There were no men on the Island of Lemnos. Years before a curse had fallen on the people of that island, causing trouble between the men and the women. The women had defeated the men and had driven them away from Lemnos. Since then some of the women had grown old, and the girls who were children when their fathers and brothers had been banished were now the same age as Atalanta, the maiden who went with the Argonauts.

They hunted the wild animals of the island, and they ploughed the fields. They kept in good repair the houses that were built before the men left. The older women served those who were younger, and they had a queen, a girl whose name was Hypsipyle.

The women who watched with bows in their hands would have shot their arrows at the Argonauts if Hypsipyle’s nurse, Polyxo, had not stopped them. She forbade them to shoot at the strangers until she had told the queen.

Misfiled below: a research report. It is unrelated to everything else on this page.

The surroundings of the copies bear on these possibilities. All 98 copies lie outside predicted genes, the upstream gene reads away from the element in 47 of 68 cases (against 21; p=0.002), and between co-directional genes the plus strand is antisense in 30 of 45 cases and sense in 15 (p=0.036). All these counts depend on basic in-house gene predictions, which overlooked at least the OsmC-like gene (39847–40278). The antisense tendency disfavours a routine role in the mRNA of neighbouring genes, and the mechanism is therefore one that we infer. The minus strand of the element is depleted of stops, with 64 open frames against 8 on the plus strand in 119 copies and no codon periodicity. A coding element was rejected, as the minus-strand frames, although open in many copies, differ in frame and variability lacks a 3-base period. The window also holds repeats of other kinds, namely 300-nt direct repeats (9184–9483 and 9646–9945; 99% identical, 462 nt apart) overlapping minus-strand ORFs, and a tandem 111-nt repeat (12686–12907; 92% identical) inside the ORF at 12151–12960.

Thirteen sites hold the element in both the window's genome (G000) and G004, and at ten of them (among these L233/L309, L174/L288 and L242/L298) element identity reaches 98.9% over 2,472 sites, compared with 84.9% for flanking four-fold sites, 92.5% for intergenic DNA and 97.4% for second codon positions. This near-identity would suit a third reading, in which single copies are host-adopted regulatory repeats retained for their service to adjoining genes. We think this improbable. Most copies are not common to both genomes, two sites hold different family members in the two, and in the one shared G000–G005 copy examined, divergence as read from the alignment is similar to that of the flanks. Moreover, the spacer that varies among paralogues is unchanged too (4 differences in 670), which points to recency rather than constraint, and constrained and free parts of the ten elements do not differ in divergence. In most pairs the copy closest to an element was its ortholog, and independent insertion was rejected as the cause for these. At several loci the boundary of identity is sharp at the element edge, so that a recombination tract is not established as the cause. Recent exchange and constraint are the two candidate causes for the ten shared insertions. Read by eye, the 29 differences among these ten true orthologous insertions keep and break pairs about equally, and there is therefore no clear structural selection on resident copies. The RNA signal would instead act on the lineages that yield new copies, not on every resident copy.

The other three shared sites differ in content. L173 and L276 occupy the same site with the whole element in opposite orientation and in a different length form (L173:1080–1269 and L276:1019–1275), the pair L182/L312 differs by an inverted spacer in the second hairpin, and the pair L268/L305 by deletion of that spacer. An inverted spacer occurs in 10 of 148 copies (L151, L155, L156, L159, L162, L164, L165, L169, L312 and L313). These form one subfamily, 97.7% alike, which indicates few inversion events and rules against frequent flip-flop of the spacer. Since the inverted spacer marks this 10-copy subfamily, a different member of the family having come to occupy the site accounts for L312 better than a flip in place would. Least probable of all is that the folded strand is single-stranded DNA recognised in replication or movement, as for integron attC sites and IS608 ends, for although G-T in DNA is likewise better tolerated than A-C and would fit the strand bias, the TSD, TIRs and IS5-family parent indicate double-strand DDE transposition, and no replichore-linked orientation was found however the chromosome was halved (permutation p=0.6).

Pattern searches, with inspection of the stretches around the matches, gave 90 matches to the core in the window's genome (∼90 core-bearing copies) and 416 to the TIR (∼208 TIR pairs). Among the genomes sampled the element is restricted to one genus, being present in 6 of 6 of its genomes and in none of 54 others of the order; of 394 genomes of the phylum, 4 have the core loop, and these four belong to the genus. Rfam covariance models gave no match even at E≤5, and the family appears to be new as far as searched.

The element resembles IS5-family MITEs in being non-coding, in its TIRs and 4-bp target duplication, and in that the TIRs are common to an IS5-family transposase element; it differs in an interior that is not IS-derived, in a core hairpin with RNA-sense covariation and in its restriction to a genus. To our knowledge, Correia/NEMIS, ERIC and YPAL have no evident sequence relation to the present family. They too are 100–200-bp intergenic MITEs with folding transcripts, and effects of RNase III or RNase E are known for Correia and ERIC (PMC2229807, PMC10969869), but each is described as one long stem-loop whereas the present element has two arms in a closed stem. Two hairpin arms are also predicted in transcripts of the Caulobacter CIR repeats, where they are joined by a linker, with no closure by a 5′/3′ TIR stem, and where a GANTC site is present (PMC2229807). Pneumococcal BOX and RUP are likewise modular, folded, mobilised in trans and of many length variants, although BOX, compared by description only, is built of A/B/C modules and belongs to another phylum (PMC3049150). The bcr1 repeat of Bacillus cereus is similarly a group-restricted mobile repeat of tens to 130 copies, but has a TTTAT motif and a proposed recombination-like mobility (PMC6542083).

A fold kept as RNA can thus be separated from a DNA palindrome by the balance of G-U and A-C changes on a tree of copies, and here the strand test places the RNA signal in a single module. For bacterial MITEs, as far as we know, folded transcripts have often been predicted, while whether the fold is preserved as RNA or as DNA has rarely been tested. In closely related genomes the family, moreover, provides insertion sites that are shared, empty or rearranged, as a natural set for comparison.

She hurried to the palace and found the young queen weaving at a loom. She told her about the ship and the strangers on board the ship, and she asked the queen what she should tell the guardian maidens.

“Before you give a command, Hypsipyle,” said Polyxo, the nurse, “consider these words of mine. We, the elder women, are becoming very old now. In a few years we will not be able to serve you, the younger women, and in a few years more we will have gone to the grave. You, the younger women, will be become older too and no longer will you be able to hunt in the woods or work in the fields and you will have a hard old age.